If you’ve been doing the audiophile thing for any length of
time you’ve probably come upon the term “orphaned gear.” The short sweet
definition is “equipment that no longer has manufacturer support.” But there
are many different degrees of lack or absence of support.
The worst kind of orphan gear is a component from a
manufacturer that is no longer in business AND was known for using custom-made
or heavily modified parts. Cizak or Spica speakers
are prime examples of products that qualify.
Another kind of orphan gear is from a company that is out of
business, but their products utilized off-the shelf parts from manufacturers
who ARE still in business. The Dunlavy speaker line is an example of such an
A third orphan category is a product from a company that is orphaned
by distribution changes. Products from Goldmund or Halcro would be in this group. They are still
making products that are available in their native lands, but their distribution
in the USA is reduced to the point where they no longer have a USA repair
facility. This makes getting replacement parts, if they are available,
difficult to obtain. Do you really want to ship a 100+ lb. power amplifier
half-way around the world for repair? I think not.
A fourth category or orphan is a product that is old enough
that even though the company is still in business, so much time has passed that
they no longer support the product. Adcom’s 535, 535 II, 545, 545 II, 555 and 555II are all examples of widely
distributed and very popular power amplifiers that are all orphaned due to
A final orphan category are products that have recently gone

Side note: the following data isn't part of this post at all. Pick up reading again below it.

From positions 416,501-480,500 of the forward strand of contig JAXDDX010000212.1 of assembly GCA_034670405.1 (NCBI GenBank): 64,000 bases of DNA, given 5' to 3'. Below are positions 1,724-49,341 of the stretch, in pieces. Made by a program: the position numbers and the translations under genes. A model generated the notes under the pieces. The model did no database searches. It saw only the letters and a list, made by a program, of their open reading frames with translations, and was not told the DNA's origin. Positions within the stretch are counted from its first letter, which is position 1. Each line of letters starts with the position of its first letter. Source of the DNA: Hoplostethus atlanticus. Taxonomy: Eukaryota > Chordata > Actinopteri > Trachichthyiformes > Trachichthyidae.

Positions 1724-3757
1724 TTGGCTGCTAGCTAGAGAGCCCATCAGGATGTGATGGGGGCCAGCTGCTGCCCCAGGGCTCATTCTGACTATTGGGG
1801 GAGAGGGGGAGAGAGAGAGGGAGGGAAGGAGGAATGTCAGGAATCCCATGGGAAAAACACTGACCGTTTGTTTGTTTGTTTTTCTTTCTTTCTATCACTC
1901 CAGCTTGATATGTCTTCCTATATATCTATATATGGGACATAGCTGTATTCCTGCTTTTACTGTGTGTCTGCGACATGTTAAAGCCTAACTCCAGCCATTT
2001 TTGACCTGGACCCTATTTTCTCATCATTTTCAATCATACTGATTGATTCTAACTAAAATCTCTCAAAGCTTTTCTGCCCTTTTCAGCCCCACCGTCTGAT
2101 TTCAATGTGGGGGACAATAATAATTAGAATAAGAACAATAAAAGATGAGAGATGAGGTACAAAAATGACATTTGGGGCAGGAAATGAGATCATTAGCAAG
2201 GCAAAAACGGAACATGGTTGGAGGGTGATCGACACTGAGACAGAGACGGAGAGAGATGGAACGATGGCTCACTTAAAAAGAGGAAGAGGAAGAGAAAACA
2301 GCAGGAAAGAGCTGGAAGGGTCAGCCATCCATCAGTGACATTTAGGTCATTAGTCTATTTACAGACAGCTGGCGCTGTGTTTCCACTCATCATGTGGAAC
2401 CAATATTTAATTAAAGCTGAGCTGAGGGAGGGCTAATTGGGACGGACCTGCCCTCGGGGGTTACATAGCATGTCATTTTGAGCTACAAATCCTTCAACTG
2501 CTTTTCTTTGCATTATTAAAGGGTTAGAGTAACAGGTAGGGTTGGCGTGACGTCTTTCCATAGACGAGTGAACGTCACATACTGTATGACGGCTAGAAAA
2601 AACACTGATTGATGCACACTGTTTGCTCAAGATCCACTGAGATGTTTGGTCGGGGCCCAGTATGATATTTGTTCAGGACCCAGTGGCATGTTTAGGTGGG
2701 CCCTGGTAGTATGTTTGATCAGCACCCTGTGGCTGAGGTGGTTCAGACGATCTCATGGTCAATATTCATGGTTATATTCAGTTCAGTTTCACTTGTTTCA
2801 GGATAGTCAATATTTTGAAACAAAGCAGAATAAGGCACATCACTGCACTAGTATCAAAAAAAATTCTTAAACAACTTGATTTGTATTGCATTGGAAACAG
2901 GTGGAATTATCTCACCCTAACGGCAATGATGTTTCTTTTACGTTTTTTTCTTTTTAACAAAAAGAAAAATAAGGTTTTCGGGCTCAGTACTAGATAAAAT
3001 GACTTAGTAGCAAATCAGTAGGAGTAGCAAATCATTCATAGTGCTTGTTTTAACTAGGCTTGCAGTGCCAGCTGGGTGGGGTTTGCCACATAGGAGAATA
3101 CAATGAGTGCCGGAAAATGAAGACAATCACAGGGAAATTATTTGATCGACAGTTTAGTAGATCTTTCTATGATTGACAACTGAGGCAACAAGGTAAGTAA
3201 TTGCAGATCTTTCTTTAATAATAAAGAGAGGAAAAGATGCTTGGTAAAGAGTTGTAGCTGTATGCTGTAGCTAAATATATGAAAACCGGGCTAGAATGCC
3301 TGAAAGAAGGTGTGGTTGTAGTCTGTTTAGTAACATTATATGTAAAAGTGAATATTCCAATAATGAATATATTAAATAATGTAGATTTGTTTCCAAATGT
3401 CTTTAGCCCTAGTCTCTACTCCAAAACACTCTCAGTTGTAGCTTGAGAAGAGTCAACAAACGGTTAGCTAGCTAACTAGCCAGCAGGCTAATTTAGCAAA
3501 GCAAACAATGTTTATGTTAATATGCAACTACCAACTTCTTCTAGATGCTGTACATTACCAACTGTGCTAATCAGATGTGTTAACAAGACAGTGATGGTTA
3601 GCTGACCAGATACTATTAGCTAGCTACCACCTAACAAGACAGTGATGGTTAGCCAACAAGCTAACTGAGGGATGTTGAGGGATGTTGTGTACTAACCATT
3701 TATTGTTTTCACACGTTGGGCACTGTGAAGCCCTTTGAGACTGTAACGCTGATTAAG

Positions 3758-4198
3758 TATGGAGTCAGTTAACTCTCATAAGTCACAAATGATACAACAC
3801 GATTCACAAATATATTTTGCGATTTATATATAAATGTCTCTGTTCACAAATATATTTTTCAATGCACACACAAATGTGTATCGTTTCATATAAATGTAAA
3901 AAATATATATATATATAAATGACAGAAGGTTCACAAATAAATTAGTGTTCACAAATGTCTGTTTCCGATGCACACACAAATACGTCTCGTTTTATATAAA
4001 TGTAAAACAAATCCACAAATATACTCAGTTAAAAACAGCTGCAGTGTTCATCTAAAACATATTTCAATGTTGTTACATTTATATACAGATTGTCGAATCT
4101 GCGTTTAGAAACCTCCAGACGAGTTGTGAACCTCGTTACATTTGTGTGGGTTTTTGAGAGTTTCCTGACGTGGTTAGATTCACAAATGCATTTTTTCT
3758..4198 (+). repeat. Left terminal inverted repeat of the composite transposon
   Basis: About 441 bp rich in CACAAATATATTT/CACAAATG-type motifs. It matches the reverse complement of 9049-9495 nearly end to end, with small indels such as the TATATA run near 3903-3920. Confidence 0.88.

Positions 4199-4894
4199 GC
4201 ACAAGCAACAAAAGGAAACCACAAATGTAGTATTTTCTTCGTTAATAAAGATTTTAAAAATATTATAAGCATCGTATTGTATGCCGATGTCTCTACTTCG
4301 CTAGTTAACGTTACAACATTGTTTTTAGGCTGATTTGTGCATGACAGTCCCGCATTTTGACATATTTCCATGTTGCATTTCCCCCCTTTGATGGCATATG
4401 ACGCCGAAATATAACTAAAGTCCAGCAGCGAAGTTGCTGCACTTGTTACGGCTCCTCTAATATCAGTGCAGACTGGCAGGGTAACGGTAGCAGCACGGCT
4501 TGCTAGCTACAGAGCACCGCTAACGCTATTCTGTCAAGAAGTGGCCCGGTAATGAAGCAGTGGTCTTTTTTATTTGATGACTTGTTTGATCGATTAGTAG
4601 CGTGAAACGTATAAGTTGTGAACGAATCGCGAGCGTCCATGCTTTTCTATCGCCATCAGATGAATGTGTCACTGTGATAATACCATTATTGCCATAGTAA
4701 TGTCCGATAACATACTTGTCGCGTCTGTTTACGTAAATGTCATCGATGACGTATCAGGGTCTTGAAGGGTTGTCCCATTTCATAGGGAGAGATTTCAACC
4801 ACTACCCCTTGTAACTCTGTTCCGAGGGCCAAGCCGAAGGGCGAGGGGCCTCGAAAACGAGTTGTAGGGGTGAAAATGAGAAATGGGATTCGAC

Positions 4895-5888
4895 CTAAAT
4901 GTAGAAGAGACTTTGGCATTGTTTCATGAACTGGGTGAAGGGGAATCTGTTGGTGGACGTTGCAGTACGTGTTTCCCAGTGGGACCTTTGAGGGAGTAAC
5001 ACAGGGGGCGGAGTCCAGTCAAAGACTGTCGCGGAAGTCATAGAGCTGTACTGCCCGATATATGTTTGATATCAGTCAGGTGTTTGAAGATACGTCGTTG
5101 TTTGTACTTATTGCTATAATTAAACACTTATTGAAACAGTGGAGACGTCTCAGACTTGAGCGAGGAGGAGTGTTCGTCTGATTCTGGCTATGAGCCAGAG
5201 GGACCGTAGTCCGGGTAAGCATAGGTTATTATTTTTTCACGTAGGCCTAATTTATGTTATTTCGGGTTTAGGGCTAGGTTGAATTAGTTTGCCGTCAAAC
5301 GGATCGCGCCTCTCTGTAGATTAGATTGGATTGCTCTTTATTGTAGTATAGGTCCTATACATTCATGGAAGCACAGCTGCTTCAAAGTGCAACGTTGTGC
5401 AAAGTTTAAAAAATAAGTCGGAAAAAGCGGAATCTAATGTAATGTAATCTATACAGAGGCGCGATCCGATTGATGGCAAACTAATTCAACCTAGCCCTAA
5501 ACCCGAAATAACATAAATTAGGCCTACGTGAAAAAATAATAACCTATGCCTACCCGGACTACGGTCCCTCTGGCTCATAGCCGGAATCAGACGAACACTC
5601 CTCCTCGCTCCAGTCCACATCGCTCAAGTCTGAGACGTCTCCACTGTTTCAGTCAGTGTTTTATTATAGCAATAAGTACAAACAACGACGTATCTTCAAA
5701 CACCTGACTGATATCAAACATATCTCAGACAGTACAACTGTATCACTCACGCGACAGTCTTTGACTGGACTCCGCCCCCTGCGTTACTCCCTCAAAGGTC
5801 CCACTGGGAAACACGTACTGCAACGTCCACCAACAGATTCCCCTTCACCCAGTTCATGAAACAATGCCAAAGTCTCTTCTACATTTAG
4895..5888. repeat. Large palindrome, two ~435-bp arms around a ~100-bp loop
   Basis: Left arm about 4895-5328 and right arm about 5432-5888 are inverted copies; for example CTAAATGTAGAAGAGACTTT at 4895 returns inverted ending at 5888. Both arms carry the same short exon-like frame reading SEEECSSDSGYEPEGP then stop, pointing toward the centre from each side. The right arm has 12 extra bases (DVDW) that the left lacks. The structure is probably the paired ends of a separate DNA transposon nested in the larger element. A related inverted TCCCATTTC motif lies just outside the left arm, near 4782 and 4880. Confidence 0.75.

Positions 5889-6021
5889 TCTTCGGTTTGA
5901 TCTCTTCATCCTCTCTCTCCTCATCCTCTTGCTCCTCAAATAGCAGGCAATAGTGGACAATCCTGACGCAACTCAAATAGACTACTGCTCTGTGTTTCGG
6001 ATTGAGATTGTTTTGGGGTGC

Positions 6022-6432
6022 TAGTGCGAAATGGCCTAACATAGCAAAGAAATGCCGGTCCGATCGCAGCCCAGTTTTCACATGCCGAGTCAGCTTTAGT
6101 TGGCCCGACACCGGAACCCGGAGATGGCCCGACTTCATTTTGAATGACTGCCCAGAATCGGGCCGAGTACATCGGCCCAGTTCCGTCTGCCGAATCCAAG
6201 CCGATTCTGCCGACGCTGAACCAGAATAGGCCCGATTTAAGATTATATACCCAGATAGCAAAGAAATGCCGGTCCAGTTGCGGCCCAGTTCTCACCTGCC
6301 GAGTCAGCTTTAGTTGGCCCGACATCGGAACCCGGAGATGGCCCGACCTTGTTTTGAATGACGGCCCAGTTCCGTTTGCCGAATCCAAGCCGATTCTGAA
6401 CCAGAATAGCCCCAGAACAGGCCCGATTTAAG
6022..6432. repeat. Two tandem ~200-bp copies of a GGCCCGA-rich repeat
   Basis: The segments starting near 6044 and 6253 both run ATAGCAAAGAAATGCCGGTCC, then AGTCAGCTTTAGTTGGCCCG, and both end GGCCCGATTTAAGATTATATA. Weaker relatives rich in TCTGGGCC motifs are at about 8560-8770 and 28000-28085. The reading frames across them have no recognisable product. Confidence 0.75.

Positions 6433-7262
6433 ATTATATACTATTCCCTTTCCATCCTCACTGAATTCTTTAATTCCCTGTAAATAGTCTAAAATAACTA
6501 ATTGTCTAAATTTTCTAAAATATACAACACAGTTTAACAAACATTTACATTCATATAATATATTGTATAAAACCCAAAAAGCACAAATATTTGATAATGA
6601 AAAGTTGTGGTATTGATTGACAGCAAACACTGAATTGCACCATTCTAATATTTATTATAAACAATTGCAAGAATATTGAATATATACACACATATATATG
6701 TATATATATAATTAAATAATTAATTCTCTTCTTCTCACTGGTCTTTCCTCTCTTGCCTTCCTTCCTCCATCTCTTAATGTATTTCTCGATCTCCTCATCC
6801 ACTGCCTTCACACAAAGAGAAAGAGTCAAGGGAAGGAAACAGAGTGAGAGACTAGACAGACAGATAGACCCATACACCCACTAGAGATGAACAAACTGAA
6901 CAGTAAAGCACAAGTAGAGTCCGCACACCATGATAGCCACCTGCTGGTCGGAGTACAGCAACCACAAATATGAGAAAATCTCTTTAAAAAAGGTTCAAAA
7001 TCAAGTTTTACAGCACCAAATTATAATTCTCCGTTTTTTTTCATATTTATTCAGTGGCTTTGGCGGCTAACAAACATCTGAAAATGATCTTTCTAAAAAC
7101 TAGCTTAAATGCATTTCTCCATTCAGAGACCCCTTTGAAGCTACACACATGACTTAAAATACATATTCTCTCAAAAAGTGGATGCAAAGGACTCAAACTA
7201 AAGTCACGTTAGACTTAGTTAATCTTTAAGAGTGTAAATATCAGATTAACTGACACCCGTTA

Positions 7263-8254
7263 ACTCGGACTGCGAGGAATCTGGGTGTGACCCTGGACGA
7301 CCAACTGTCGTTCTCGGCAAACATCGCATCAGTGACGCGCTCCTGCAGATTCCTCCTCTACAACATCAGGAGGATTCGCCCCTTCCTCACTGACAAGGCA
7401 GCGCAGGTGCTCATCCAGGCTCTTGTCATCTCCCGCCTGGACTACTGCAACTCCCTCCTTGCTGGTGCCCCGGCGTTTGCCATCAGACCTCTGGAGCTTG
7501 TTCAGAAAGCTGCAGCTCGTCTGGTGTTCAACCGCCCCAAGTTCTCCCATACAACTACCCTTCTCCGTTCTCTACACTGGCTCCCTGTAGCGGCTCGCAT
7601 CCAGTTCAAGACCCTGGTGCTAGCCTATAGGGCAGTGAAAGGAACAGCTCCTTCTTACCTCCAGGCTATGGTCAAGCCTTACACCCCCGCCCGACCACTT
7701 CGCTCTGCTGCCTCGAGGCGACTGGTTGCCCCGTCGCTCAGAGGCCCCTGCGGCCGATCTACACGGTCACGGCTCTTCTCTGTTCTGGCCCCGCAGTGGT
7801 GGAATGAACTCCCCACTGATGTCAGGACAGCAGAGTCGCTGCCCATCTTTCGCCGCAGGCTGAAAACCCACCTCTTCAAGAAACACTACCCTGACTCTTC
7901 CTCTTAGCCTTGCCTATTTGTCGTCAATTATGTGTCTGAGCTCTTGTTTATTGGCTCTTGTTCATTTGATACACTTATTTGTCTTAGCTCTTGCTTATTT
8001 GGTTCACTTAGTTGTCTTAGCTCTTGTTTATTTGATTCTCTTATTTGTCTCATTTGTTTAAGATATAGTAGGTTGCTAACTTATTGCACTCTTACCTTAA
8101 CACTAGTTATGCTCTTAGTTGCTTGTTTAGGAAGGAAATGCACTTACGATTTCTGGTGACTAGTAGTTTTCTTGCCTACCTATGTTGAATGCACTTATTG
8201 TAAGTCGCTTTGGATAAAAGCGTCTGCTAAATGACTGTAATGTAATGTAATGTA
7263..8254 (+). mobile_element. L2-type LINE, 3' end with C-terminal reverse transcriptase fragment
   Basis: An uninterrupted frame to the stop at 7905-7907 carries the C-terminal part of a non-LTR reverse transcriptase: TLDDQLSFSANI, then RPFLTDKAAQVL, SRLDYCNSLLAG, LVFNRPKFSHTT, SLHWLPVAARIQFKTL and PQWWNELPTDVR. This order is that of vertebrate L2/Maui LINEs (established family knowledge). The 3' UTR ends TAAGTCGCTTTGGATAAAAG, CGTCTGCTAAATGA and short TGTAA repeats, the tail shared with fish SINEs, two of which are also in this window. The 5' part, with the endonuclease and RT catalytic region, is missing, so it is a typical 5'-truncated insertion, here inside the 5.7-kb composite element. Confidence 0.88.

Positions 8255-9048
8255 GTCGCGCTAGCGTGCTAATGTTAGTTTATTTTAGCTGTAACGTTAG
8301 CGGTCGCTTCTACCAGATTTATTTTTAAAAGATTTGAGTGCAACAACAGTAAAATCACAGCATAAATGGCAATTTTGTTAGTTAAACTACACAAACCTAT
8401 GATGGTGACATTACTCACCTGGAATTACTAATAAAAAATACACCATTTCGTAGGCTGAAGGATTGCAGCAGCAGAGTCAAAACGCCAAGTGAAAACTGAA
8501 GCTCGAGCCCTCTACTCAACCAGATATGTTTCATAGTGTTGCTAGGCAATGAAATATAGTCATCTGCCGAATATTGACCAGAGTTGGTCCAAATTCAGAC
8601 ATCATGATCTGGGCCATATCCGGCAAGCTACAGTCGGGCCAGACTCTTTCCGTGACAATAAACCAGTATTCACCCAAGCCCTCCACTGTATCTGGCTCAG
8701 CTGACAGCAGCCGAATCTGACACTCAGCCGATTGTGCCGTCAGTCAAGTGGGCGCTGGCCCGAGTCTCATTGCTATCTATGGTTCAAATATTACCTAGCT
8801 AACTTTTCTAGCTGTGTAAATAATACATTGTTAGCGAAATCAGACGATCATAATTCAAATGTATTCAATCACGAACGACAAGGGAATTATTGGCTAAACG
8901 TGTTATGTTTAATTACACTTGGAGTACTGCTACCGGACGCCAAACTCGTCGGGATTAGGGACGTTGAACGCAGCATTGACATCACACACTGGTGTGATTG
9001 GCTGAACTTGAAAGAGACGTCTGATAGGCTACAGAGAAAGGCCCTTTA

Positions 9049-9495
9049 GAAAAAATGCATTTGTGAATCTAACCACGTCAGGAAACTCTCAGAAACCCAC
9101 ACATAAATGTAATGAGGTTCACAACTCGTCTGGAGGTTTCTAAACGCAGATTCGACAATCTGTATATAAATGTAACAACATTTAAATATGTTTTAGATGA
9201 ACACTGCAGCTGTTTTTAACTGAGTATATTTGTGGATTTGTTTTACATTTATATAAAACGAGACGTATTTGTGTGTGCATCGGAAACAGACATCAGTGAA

out of warranty and if they require service MUST go back to the manufacturer
because of the nature of the repair. Projectors fall into this group. A 720P DLP
projector that needs a new color-wheel can easily cost $500 for authorized
repair. Given that you can pick up new or refurbished 1080P DLP projectors
starting around $700, paying $500 for a repair makes no economic sense.
What’s the best way to protect yourself from orphaned gear? You
could buy everything new and dump it the minute the warranty expires, or you
could look around for a reputable local electronics repair operation. This can
take some digging.
The first resource to tap for finding good repair facilities is
your local audio society. At the Colorado Audio Society meetings I’ve gotten
leads on several excellent repair and modification operations in the Denver
Metro region. If you still have a local hi-end audio emporium, they can often
point you toward a local independent repair shop in your area.
With audio gear it’s not a question of IF it will ever need
service, but WHEN. Having a local resource for repair of orphaned gear is an
essential part of the audiophile experience.